Jolain suggests U.S. nutritionists and producers may find some interesting insights when they look at the European phytogenic usage; however, he urges them to “manage their expectations.”
“Alternatives to AGPs will perform differently as they have different modes of action,” Jolain explains. “It is critical that the nutritionists and formulators understand this and create diets that valorize the capability of those alternatives.”
Dedl agrees: “It will not be enough to add phytogenics; they will be part of a comprehensive solution. To replace AGPs, producers also need to optimize their management, especially regarding improvements in farm hygiene and practices.
Phytogenics in action
Meanwhile, one large U.S. feed company has been exploring the benefits of phytogenic additives for 15 years. Purina Animal Nutrition and Delacon are strategic partners in distribution of the feed additive through Purina’s NEWtraStart swine feeds.
“Many producers we’re working with have looked for alternatives to maintain gut health and growth rates in their facilities,” says Dan Moran, director of marketing-swine, Purina Animal Nutrition. “Supplementing the ration with phytogenic feed additives is one way to feed pigs without antibiotics while maintaining performance.”
To measure the viability of switching from feed grade growth promotants to phytogenic feeds, Purina Animal Nutrition conducted research trials at the Purina Animal Nutrition Center. Results include:
- In young pigs, research showed 6.2 percent faster gains, 2.6 percent better feed conversion and pigs weighing less than 10 lbs. at weaning improved gain by 21 percent over the control.
- Finishing pigs were 8 lbs. heavier than the control at slaughter and demonstrated 2.4 percent better feed conversion.
- In sows, the company reports, increased lactation feed intake by 7 percent; 35 percent reduced weight loss in lactation; and increased litter weaning weight by 7 percent.
Purina’s field trials of 150 swine producers, pigs fed diets containing phytogenic feed additives achieved positive results when compared with control groups fed a common diet with antibiotic treatment.
Beyond Purina’s research, Delacon’s Dr. Jan Dirk van der Klis reports phytogenic feed additives typically deliver a 3 to 4 percent increase in body weight gain: “This indicates a higher utilization of nutrients on the one hand and improved intestinal health on the other. When you are able to improve intestinal health, less nutrients are directed toward an immune response and it is able to utilize those nutrients more efficiently.”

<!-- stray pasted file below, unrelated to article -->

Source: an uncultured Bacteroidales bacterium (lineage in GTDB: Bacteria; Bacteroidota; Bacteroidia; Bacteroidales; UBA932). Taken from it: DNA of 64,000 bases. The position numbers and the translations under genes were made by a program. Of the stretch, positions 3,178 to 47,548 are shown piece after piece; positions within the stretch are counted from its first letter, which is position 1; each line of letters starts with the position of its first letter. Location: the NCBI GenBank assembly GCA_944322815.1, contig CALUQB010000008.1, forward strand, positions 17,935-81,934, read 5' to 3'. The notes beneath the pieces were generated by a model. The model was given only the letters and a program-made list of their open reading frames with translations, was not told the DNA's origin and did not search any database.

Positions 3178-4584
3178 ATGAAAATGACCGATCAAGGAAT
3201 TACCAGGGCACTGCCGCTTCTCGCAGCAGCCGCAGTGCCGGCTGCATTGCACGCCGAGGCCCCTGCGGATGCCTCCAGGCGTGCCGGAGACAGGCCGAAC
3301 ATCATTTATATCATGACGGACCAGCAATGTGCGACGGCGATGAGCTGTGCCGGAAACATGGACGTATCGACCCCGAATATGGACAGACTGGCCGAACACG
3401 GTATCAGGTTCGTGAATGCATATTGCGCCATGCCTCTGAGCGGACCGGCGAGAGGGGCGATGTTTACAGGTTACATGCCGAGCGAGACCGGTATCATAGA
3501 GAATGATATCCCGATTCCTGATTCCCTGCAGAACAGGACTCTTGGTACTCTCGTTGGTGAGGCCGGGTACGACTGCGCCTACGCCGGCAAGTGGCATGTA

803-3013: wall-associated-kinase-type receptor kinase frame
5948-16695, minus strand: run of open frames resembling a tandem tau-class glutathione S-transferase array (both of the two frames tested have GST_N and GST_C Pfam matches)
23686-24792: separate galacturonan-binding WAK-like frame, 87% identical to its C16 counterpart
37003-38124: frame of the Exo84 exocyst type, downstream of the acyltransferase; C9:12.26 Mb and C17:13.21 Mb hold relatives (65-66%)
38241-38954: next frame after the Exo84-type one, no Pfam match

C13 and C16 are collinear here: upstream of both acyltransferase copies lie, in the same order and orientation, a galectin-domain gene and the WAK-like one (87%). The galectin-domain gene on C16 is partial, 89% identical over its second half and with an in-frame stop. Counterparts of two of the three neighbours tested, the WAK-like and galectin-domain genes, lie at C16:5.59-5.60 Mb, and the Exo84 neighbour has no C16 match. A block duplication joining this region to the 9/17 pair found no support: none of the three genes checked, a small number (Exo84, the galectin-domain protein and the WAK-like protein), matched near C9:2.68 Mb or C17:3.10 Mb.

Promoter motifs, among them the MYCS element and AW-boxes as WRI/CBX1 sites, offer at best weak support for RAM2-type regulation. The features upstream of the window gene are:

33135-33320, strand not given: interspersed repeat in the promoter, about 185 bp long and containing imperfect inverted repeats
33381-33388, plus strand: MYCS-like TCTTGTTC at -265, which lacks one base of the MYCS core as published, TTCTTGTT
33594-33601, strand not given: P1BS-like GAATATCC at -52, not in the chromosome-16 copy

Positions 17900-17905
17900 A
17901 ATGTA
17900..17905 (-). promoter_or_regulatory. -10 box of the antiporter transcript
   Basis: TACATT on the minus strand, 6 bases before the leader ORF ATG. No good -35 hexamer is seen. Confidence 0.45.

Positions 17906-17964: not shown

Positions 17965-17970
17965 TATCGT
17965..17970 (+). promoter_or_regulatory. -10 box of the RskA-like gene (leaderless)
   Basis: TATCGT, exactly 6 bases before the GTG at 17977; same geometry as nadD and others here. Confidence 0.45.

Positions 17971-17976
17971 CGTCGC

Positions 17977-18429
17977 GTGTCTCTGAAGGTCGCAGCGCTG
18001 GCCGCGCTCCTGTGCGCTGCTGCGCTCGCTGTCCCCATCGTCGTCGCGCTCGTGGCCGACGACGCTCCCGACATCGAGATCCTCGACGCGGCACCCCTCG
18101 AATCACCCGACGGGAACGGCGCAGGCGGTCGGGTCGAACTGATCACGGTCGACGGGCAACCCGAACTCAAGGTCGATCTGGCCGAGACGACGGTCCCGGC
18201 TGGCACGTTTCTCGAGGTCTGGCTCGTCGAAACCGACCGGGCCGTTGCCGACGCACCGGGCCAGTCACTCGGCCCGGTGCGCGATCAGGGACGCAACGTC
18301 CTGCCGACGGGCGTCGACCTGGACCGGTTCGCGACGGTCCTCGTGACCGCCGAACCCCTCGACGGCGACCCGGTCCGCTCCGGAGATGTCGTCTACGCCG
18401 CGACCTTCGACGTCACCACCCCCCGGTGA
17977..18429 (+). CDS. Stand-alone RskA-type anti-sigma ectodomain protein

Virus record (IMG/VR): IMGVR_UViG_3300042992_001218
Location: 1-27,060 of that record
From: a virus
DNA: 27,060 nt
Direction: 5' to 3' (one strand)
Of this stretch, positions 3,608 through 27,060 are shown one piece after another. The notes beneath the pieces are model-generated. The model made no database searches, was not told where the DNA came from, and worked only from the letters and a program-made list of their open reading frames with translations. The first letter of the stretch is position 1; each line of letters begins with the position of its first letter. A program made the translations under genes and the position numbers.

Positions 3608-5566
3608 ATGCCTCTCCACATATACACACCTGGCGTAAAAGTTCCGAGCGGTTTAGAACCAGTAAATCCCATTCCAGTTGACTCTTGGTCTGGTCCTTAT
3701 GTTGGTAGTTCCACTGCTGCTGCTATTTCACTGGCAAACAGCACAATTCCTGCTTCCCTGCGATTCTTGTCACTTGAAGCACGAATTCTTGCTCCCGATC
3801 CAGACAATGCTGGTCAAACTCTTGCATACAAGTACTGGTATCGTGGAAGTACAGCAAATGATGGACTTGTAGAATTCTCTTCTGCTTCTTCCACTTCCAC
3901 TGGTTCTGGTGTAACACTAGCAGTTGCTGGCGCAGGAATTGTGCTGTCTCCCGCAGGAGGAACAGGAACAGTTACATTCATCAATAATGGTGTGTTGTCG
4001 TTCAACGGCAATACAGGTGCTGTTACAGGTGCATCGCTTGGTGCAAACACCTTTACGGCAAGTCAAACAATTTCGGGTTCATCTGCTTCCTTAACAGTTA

Keep an open mind, but proceed with caution
In DeRouchey’s opinion, phytogenics should and will be looked at more closely moving forward, but they will require more independent commercial research to support their claims to build confidence with U.S. producers. He also suggests company’s identify the cost-benefit before introducing any new additives.
“Just don’t overreact by losing growth promotion levels and feel like you have to do something else,” he says. “There are a lot of producers that don’t do anything. We can survive without [AGPs] but we’re going to have to focus on daily management and on the farm sanitation, biosecurity… We can do a lot more with those areas to improve our production system than trying to find a magic bullet to put in the feed. If we’re relying on that, our industry is in trouble.”
While not referring specifically to phytogenic feed additives, AFIA’s senior vice president of legislative and regulatory affairs Richard Seller urges the U.S. feed industry to be cautious with any product that claims to be an alternative to antibiotics or one making growth promotion claims.
“ Being a veterinarian and nutritionist myself, it’s important to be skeptical, but most of the criticisms are assumptions that [phytogenics] will not work,” says BIOMIN’s Murugesan. “While I agree nothing will even remotely come close to [AGPs], we have to deal with the fact that they will not be available and [producers] should explore the other available options. With phytogenics, the mode of action is not that simple and very much depends on formulation as well as application. If you are looking for a straight forward answer, then yes, it’s not going to be satisfying. It’s a comfort zone [some] don’t want to leave.”
In the end, phytogenics show much potential, but prospective customers should educate themselves before adjusting their formulations.
References available upon request.